They ask, whether it is on account of lack of political will, or rampant corruption, or collusion of tax dodgers and the tax administrators at defrauding the revenue, or the political system or the ineffectiveness and defectiveness of laws, or the pervasive stubborn indifference of the citizens towards their duties? Since 1977, money launderers in Pakistan have been receiving full support from the State.

For example, if anybody brings money (earned from the drug trade or any illegal activity or untaxed money from undisclosed source, hiring services of a local money exchanger to depict it as remittance) through normal banking channels, the tax authorities cannot pose any question about the "source" [reference section 111(4) of the Income Tax Ordinance 2001].

Now there is a proposal from the Chairman SECP to invest such funds in the stock markets and multiply them through capital gains!During the last 30 years, the National Accountability Bureau (NAB), Federal Investigation Agency (FIA), and Anti Narcotics Force (ANF) and FBR have not been able to establish a joint task force to book and prosecute the mighty men in business, politics, judiciary and governments having dirty money as their main power tool.

The NAB, in fact, accepted 'plea bargains' offered by the corrupt, and minted the lot of money as 'share' in recovery.

This is how we run the State agencies at the taxpayers' money, which are established for punishing the tax cheats, criminals, rent-seekers, drug traffickers and terrorists.

In the presence of these and many other law enforcement agencies, the terrorist networks get on a daily basis millions through hundis and hawalas, in addition to extortion money and proceeds of drug-arms deals.

Many of these are even getting funds through normal banking channels in benami accounts.

The non-reporting of such funds by banks to the Financial Monitoring Unit (FMU) established under section 6 of the Anti-Money Laundering Act, 2010 is a serious cause of concern.The recurrent appearance of amnesty schemes and money whitening instruments/modes show that the State has conceded the failure of its tax machinery in performing its main function of collection of taxes.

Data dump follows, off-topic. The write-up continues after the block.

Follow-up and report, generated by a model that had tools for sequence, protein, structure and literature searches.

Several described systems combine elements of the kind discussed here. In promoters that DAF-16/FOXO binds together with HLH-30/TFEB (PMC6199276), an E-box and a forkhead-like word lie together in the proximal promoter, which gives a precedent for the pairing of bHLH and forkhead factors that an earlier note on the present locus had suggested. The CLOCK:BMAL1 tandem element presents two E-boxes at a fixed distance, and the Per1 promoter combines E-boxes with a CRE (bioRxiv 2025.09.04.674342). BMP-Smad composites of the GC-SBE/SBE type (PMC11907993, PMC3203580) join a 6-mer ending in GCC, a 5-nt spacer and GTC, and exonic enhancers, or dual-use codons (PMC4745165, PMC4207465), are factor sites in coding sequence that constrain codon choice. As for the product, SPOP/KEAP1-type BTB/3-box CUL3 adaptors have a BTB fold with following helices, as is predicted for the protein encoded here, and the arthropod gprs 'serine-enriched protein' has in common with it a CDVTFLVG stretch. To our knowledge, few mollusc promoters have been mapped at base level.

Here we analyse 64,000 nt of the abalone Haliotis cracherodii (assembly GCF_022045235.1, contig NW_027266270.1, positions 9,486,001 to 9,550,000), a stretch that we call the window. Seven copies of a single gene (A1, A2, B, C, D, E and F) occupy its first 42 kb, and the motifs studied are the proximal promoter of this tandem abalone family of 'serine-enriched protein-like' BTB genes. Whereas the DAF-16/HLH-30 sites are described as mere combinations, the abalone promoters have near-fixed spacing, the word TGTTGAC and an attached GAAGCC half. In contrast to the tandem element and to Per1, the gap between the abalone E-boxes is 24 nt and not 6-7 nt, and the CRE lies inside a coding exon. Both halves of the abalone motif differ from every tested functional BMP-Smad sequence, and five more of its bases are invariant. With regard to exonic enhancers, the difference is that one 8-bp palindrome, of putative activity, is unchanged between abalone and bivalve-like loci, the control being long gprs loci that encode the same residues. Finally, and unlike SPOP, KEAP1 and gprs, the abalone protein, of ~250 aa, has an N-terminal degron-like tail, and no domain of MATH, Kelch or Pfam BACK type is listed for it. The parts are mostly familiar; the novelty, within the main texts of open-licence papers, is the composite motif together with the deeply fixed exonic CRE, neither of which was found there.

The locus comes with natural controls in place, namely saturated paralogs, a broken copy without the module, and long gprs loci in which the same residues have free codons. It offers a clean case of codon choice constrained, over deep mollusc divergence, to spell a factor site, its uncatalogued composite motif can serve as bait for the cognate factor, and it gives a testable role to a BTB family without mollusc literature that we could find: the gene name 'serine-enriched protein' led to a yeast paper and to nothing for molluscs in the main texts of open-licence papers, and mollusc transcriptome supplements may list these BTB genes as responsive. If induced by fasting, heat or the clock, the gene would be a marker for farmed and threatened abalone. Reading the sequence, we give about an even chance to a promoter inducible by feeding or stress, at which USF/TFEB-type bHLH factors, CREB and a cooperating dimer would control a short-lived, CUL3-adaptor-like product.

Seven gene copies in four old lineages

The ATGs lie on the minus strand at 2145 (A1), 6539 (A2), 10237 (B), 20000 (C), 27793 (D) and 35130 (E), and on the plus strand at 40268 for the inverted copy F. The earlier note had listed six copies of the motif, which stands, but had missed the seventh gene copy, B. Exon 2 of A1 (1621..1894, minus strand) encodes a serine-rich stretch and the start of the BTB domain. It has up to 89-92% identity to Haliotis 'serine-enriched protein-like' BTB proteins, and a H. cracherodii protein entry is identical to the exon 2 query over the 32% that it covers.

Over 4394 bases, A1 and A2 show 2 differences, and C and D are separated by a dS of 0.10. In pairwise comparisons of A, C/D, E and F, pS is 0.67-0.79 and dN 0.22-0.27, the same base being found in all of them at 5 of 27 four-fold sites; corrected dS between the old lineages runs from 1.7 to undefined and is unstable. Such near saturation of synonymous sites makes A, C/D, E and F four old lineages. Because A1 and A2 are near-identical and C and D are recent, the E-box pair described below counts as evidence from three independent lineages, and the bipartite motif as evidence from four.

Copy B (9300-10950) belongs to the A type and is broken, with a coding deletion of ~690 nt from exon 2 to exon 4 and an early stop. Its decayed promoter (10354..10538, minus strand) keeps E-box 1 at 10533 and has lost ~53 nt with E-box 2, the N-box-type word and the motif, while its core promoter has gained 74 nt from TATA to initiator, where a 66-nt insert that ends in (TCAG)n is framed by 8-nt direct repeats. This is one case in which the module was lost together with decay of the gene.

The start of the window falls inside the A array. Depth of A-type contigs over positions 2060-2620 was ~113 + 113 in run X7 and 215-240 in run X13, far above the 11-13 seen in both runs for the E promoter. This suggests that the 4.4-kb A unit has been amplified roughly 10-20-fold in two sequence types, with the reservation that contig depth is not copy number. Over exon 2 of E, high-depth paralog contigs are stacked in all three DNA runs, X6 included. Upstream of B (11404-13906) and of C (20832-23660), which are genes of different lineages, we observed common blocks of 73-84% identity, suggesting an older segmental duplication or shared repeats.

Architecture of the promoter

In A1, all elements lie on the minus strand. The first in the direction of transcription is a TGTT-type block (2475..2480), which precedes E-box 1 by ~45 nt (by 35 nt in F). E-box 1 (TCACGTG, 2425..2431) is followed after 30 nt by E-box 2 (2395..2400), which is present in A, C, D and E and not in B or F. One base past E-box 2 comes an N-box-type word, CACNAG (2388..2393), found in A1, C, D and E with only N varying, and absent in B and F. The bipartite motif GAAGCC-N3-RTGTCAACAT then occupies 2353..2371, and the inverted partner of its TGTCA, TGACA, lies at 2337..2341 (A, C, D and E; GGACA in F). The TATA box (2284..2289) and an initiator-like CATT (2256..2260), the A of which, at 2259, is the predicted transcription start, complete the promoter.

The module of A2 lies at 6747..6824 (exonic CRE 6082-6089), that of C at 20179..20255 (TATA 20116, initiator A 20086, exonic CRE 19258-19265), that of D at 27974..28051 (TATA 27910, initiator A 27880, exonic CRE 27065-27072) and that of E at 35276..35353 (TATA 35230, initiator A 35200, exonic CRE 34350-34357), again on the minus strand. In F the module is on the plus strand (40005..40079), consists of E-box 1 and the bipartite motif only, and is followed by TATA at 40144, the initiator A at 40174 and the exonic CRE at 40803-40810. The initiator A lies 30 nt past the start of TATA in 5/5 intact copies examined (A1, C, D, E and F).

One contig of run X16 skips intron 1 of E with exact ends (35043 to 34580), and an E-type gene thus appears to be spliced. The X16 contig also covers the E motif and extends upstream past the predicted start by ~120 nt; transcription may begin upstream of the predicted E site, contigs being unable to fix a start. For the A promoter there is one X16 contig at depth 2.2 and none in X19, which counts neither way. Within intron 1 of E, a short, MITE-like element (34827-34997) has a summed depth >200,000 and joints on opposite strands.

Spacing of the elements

This nation has become addicted to easy money and such schemes/instruments have become a routine matter for them.

The people hooked on ill-gotten wealth/income for the last many years know for certain that after every two or three years, there will be an amnesty scheme giving them a chance to get their income/assets whitened by paying far less an amount than what they would have been required to pay under the normal income tax/wealth tax regime.

It is a tragic situation where the entire State apparatus is subservient to those who blatantly manage to hide their income and wealth.

It is an ugly joke with those who are paying their taxes honestly at much higher rates than those offered to tax evaders.Even though Pakistan, under tremendous pressure from outside world, has passed the Anti-Money Laundering Act, 2010, section 111(4) of the Income Tax Ordinance, 2001 gives a free hand to money launderers assuring them that no questions would be asked if they remit their ill gotten-funds from outside through banking channels and surrender foreign currency to the State Bank, and get Pakistani rupees as encashment.

The FBR has reassured the money launderers, in Letter No F.4 (34)/ITP/2002 dated 29-02-2002, that "the Department would adhere to its policy of not probing the foreign remittance" brought into Pakistan by any "person".The investment can be made in any legal business from untaxed funds challenged - rather laundered - using the cover provided under section 111(4) of the Income Tax Ordinance, 2011.

One has just to pay a small premium to a money exchanger to fax a remittance.

Indeed it's a wonder how we can sponsor such schemes when the country is faced with a perpetual crisis of borrowing more and more funds to meet the ever-increasing fiscal deficit.

Amongst the many causes for this malady is the ever-growing size of the underground economy and its non-taxation.

The provisions of the Protection of Economic Reforms Act, 1992, specially enacted by Nawaz Sharif for whitening his enormous undeclared wealth, are playing havoc with the economy.

People keep undeclared and untaxed funds in foreign currency accounts (or in bank lockets) or even at home, but neither the FBR officials nor the FIA have any jurisdiction to hold any enquiry in respect of the foreign currency accounts nor could the same be made the basis of a criminal prosecution5.No serious effort has been made by successive governments, both military and civil alike, to determine the loss of revenue due to the existence of the underground economy, not to talk of devising concrete counter measures to bring enormous untaxed money into the mainstream economy.